IMF says India must do this to boost GDP growth potential
A crisis in India's shadow banking sector and the Covid pandemic contributed to the downward revision of its five-year GDP growth potential - from 7 per cent to 6.2 per cent - the International Monetary Fund's country head, Nada Choueiri, told Bloomberg Wednesday. Choueiri indicated rapid growth is possible 'if there are reforms in the financial sector to get credit going strongly again, and labor market reforms to support greater labor force participation and employment'. Both are 'important inputs', Choueiri said.
Essentially, India must create more jobs and credit to help the economy achieve a growth potential affected by Covid and also a stuttering financial sector.
Earlier this week the IMF lowered its FY23 growth forecast for India to 8.2 per cent; the 0.8 percentage point cut reflected risks to demand from a sharp rise in prices and supply chain disruptions.
More worryingly, perhaps, it sees the pace slowing to 6.9 per cent next year.
This comes on the back of rising inflation that has seen prices of essential goods - vegetables, fuel and cooking gas - skyrocket. Last week data revealed retail inflation quickened to 6.95 per cent in March against 6.07 per cent in February.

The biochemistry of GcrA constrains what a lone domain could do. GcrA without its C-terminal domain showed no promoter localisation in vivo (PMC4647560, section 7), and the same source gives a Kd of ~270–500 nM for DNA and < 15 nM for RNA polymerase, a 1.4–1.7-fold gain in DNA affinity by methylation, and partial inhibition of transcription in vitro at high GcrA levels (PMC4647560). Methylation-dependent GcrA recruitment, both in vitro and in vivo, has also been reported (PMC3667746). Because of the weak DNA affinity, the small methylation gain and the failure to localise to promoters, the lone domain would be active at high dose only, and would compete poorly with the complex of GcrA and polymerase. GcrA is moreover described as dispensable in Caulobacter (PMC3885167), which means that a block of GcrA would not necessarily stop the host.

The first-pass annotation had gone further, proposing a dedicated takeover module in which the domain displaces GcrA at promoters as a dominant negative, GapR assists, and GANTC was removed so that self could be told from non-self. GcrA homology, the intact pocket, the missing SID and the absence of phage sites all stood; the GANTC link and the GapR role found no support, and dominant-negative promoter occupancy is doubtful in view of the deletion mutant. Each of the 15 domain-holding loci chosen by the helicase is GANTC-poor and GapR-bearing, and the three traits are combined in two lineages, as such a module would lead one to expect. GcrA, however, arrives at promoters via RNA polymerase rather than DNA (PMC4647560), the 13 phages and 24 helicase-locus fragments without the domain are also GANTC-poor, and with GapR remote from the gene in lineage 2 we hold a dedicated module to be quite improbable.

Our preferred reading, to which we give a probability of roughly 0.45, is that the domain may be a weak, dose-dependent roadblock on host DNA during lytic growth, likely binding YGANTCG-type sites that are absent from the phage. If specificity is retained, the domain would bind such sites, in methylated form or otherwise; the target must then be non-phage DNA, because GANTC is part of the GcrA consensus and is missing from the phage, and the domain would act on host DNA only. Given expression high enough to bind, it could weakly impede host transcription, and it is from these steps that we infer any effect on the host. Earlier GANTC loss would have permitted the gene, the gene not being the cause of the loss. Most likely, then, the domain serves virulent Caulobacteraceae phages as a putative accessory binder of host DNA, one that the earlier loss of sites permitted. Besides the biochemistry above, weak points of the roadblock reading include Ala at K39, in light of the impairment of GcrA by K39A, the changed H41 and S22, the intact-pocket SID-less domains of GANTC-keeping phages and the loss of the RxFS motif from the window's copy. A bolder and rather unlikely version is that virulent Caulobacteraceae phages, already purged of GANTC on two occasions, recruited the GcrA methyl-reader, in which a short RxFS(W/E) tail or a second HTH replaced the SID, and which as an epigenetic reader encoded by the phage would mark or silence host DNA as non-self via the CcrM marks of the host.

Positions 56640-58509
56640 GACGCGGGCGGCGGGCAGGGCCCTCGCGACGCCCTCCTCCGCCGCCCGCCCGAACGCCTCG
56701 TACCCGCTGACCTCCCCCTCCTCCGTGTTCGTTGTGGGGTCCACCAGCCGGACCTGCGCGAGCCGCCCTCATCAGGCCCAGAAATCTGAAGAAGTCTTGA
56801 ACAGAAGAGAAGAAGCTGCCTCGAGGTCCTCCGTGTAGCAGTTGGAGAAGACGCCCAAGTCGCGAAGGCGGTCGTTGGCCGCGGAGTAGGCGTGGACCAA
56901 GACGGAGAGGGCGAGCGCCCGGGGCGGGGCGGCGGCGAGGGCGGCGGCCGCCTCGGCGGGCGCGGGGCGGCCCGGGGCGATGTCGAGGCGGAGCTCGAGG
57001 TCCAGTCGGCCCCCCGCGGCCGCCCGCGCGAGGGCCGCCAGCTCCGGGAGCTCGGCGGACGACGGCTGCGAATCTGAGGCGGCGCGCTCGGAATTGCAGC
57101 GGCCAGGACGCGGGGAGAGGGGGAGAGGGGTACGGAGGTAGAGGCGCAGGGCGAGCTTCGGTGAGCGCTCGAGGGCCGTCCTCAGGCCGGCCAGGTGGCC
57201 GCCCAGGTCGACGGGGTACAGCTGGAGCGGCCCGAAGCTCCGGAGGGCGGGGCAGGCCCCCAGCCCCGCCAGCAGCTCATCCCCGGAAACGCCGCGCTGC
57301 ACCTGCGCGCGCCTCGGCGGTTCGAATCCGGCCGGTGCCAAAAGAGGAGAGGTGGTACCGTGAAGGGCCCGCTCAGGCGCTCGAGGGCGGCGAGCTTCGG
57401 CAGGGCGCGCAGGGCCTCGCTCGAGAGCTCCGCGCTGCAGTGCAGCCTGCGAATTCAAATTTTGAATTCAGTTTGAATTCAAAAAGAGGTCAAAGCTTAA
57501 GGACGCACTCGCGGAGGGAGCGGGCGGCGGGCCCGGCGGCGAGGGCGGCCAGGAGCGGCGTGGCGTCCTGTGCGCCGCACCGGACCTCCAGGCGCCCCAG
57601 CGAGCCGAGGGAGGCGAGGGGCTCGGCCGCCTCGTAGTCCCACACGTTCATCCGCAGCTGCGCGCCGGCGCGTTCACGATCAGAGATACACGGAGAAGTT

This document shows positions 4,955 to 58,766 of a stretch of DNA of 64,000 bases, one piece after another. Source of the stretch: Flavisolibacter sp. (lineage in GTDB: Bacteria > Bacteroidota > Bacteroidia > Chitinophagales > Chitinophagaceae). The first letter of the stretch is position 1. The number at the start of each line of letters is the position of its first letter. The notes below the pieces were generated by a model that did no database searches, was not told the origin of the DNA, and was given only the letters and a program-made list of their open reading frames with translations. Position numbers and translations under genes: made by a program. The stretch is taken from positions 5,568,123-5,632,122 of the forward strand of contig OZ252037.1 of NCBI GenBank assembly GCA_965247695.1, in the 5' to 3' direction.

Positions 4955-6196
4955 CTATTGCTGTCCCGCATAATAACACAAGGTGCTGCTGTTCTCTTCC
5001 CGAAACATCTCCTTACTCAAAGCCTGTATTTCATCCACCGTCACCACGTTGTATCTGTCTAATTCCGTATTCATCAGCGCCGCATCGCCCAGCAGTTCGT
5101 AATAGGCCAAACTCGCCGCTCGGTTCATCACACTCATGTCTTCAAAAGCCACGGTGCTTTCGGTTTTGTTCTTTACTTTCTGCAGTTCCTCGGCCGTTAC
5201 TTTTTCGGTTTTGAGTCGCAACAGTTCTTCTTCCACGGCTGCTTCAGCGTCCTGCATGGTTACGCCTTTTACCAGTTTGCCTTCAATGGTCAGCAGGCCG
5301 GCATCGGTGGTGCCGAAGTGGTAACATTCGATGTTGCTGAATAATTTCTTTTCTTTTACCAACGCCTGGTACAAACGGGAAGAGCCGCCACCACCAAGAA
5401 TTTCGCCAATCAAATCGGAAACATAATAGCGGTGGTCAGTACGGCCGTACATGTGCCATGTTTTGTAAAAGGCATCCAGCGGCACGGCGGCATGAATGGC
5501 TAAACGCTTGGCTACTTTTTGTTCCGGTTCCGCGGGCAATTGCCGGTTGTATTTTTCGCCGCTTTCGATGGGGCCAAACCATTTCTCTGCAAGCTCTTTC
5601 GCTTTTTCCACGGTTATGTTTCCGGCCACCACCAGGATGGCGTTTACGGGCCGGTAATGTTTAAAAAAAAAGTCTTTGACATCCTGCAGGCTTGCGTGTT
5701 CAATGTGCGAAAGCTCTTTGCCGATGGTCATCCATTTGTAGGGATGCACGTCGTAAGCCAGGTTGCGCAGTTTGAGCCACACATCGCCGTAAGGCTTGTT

It also comes against the backdrop of consequences of Russia's Ukraine invasion, which Paolo Mauro, the deputy director of the IMF's Fiscal Affairs Department, called 'quite severe'.
However, in a meeting with finance minister Nirmala Sitharaman, IMF chief a Georgieva praised India, noting that even with the revision the high growth was good for both the country and the world.
Global projections are at 3.6 per cent in 2022, down from 6.1 per cent in 2021.
Revisions notwithstanding, there is still cause for optimism for India.
'We lost two years of growth' because of the pandemic, Choueiri said in a separate interview Friday with Bloomberg Television’s Kathleen Hays. "There is still catch up growth happening in India."
That said, surging inflation could drag. The IMF sees consumer price increases averaging 6.1 per cent in 2022; the Reserve Bank's projection is 5.7 per cent.
Price pressures driven by a global supply squeeze and a surge in energy costs are hurting consumption that accounts for nearly 60% of India's GDP.
And inflation from the supply shock driven by the war could trigger second-round effects on prices, Choueiri told Bloomberg.
However, the RBI has recognised the dangers by adopting a less accommodative stance in the April policy, she said, while also advocating fiscal policies over monetary to deal with the first round effect on prices from supply shocks.
With input from Bloomberg